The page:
Photo by Marcus Laws 

Photo by Marcus Laws 

Josh Berthume runs Swash Labs, a local creative agency based right here in our own little Denton. Maybe you've seen their sign before if you've ever been stuck at the light at University and N. Locust. It's blue and has polka dots. Normally,  when we think of Swash Labs we basically imagine it as some kind of weird mix between Mad Men and Animal House, but maybe that's just because we follow lots of their employees on Twitter. The truth is that Swash Labs not only helps with ad campaigns all over the place (they're especially committed to helping brands in our very own city), but they also have some great experience with political campaigns both here and overseas. We figured Politics Week was a great time to pick Berthume's brain about his opinions on the upcoming city elections. 

Josh, can you give us a little bit of information on your background? I know that you’ve worked on several political campaigns in the past and you've been rumored to work on them internationally… 

No international campaigns yet, although for five years I did work for a London-based global political risk analysis firm called Exclusive Analysis, modeling open source intelligence on violent risk and terrorism. That was while while I got my masters in political science and behavioral economics from UNT. From 2004-2008, I worked in statewide politics on various campaigns in communications and digital strategy, and also wrote extensively on politics for many publications. Prior to that, it was all digital communications, creative media, and early (very early) social media, from 1998 on.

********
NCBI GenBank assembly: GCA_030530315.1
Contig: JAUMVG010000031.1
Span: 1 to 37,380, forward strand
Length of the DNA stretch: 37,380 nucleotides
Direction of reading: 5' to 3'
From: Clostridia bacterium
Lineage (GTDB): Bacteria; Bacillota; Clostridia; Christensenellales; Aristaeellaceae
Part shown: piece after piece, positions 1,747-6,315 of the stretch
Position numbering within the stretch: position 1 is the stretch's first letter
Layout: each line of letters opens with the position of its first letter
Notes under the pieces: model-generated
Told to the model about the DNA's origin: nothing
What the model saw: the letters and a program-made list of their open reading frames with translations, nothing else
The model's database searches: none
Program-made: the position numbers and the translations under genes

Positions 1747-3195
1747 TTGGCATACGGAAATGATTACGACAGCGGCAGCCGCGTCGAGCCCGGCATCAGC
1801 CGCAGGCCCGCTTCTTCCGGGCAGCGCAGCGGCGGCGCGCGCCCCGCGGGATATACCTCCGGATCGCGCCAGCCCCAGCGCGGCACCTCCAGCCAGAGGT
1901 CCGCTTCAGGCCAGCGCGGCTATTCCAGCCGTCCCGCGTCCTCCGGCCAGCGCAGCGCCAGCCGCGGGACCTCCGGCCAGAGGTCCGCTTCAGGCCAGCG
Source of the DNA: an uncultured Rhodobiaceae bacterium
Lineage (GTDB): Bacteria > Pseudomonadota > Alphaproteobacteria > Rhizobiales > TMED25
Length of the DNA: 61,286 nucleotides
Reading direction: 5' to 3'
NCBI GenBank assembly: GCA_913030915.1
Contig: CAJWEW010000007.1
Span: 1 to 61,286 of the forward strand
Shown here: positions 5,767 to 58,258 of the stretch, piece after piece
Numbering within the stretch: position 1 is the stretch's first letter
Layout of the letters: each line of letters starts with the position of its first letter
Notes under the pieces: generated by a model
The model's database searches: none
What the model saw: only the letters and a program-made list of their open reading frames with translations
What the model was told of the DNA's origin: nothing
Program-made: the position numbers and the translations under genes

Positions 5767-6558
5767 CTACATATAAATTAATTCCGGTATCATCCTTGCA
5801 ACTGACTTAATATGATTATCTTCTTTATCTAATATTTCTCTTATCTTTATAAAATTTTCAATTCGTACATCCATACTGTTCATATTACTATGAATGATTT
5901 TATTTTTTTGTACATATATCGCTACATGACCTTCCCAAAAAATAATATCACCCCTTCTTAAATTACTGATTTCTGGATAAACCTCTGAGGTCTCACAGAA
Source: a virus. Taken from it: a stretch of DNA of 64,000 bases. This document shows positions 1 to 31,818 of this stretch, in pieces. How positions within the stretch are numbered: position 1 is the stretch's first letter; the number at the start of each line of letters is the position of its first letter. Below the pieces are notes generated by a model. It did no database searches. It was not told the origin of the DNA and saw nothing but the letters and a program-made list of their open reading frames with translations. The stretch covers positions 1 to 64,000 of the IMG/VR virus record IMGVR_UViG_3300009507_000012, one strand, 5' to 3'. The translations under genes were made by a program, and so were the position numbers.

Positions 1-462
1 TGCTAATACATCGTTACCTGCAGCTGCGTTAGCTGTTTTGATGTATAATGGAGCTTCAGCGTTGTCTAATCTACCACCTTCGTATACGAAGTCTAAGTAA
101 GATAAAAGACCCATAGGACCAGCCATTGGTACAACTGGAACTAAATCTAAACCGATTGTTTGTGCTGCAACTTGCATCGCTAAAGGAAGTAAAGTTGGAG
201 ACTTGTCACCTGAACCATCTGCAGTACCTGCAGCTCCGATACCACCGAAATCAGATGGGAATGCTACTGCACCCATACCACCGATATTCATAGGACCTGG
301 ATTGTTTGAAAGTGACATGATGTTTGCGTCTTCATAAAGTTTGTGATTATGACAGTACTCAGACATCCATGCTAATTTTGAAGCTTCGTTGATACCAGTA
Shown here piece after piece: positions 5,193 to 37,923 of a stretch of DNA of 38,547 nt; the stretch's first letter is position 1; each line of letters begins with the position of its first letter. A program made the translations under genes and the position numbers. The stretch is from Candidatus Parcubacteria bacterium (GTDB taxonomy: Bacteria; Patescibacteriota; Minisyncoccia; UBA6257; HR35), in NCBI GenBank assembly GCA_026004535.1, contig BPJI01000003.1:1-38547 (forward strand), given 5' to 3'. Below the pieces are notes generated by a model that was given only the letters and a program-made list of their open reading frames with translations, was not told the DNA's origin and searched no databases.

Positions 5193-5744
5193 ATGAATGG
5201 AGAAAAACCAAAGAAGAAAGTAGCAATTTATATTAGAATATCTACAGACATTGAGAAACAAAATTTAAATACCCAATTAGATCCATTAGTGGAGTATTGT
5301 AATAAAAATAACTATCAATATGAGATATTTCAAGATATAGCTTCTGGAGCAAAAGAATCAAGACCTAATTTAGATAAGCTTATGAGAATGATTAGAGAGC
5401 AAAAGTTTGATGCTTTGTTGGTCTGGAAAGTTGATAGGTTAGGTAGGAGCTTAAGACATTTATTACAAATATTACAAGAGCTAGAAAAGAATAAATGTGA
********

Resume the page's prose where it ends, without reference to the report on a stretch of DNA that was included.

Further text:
How long have you lived in Denton now? And how long have you owned/operated Swash Labs? 

I have lived in Denton since 2000, and we started Swash Labs in October of 2010.

(Obligatory taco related question…) Favorite taco in Denton? 

I am taco agnostic. Depending on my mood or what kind of day it is, I might be way into Mi Casita or totally enamored with Sabrocita. My major sin as a Dentonite is that I haven’t been to Taco Lady yet, although now that this news is public I imagine it won’t be long until someone takes me there. PS to your readers: I am available for impromptu taco dates.

The local elections are coming up in just over a month from now… what has your experience with local elections here in Denton been like?